By Christi Marsico
While looking for something fun and inexpensive to do in these tough economic times, look no further than the treasure trove of museums, many free, in Western North Carolina.
Museum goers in this area can learn about Appalachian roots, unusual gems and historic artifacts, to name a few.
And there is a helpful guide that tells all about the museums and how to locate them.
The Friends of the Mountain History, which promotes tourism in Western North Carolina, will distribute 50,000 copies of the free 2009 guide Feb. 6.
The guides will be available in North Carolina welcome centers, chamber of commerce offices, and other tourist areas.
The guide lists more than 100 museums and historic locations and provides a short description of each site. Hours, fees and directions are listed and there is a foldout map.
“Friends of Mountain History saw a need to get museums in one listing to better serve visitors in all 25 counties,” said Kaye Myers, tourism development officer for the N.C. Department of Commerce Division of Tourism, Film and Sports Development.
“We wanted visitors to open the guide and realize we have a lot of history to showcase here in the mountains and our museums and sites can be linked together by a map of the region,” Myers said.
Friends of Mountain History was created under former Cultural Resources Secretary Betty Ray McCain in 1998 to promote the culture of the area.
Each year the guide has a different theme, and this year it has an agricultural focus: “That’s A Long Row to Hoe!” Lifestyles in Agriculture, Farming, Gardening, Foodways and Viticulture - Mountain Style.”
Each museum featured in the guide will showcase the theme in its own unique way, whether it’s part of their permanent collection or a new exhibit.
The museums can also sponsor an event, such as a book reading or lecture, based on that theme. The theme runs for a year, giving the museums ample opportunity for multiple programming.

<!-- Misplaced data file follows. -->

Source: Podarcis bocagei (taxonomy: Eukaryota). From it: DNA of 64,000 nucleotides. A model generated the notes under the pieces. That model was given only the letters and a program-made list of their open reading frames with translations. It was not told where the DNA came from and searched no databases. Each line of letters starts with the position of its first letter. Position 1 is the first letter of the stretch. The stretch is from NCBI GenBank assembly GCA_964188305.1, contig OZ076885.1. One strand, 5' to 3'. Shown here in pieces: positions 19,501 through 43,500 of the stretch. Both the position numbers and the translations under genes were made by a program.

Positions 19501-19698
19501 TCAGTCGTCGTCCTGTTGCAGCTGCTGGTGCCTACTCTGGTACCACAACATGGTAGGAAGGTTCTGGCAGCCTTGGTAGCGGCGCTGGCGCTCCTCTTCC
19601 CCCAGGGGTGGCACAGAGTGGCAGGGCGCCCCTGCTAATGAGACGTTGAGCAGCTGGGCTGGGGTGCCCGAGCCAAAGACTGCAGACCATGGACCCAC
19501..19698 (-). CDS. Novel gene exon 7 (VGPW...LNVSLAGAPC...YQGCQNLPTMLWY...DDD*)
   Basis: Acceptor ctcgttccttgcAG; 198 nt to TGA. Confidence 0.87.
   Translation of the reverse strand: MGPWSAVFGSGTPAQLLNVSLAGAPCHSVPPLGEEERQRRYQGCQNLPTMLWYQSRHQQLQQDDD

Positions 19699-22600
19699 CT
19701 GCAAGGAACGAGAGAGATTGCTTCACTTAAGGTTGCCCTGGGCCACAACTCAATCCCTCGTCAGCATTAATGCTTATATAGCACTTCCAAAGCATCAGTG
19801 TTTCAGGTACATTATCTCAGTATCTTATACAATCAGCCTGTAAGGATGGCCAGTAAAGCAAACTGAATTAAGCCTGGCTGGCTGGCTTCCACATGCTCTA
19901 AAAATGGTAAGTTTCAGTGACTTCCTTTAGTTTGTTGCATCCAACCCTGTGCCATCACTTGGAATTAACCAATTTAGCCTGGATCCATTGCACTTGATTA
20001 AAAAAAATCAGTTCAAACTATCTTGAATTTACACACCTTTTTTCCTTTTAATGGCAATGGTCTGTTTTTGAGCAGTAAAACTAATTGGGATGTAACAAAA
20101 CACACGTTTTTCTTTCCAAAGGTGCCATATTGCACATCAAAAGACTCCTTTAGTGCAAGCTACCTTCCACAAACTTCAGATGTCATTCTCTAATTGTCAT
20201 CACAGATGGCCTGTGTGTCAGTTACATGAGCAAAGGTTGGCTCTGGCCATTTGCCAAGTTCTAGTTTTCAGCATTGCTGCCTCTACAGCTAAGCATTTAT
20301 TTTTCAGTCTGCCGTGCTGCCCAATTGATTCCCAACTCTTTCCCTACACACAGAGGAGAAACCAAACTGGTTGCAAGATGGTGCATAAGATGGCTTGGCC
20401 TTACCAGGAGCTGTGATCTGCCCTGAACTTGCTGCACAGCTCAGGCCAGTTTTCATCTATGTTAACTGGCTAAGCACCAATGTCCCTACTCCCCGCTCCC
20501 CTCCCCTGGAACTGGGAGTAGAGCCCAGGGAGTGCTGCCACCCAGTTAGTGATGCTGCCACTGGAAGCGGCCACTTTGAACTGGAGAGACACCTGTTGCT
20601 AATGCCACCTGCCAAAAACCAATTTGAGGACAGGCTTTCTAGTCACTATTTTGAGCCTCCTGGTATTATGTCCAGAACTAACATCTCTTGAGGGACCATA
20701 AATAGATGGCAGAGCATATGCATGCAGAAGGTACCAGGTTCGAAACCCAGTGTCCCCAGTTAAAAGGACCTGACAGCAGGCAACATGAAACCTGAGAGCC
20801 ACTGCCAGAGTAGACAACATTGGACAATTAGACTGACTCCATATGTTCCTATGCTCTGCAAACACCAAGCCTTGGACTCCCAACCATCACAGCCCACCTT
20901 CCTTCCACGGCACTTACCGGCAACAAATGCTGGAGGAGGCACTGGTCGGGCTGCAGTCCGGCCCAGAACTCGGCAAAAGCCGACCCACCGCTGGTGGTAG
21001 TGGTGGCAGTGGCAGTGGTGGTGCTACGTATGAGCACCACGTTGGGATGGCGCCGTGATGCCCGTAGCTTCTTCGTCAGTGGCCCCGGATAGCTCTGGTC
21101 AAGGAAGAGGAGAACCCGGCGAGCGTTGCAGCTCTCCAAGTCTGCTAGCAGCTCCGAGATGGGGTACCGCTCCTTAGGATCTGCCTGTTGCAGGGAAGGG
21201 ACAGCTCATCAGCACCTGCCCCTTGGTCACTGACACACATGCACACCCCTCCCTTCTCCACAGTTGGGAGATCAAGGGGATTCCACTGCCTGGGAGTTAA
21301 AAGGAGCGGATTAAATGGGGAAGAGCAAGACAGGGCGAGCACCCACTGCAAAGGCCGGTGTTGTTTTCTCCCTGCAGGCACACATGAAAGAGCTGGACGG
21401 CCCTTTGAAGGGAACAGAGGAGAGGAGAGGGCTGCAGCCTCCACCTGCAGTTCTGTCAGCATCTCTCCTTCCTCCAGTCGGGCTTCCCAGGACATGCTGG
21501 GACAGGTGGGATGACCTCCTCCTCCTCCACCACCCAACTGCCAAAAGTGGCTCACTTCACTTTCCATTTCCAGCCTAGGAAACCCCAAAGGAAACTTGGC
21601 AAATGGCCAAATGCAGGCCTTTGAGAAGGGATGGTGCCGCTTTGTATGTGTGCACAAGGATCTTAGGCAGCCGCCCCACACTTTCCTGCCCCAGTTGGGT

In conjunction with this year’s theme, Robert Ingles, the grocery store pioneer who originated Ingles grocery stores in North Carolina, was interviewed.
Ingles is the biggest name North Carolina has in the food industry, Myers believes.
In the interview Ingles shared how his business developed and changed since its opening in the 1960s.
More in this year’s guide
This year the guide lists many more museums than it has in the past.
“The first issue highlighted 68 museums and sites, and after a more thorough search we have come up with 106 sites in our new guide,” Myers said.
Among the sites are historical house museums of prominent people who have lived in the area, such as the Shook House Museum in Clyde.
Plans for future guides are already in the works. The 2010 museum guide’s theme is “Natural Scenic Beauty! Mountains, rivers, valleys, historic sites and trails; Adventure for the Traveling Pioneer!,” while the 2011 theme is “Brother, brother, brother, War Is Not the Answer!” A War Within a War; Mountain People and Counties Divided by the Civil War.”
The Friends of Mountain History board members decide on the themes finding a common bond between the museums and historical sites while striving to be creative in their promotions.
“We looked at 10 topics that every museum had in their permanent collection,” Myers said.
The guide invites readers to discover and explore the fabric of Western North Carolina’s history.
For more information or to download the guide visit www.fomhnc.org.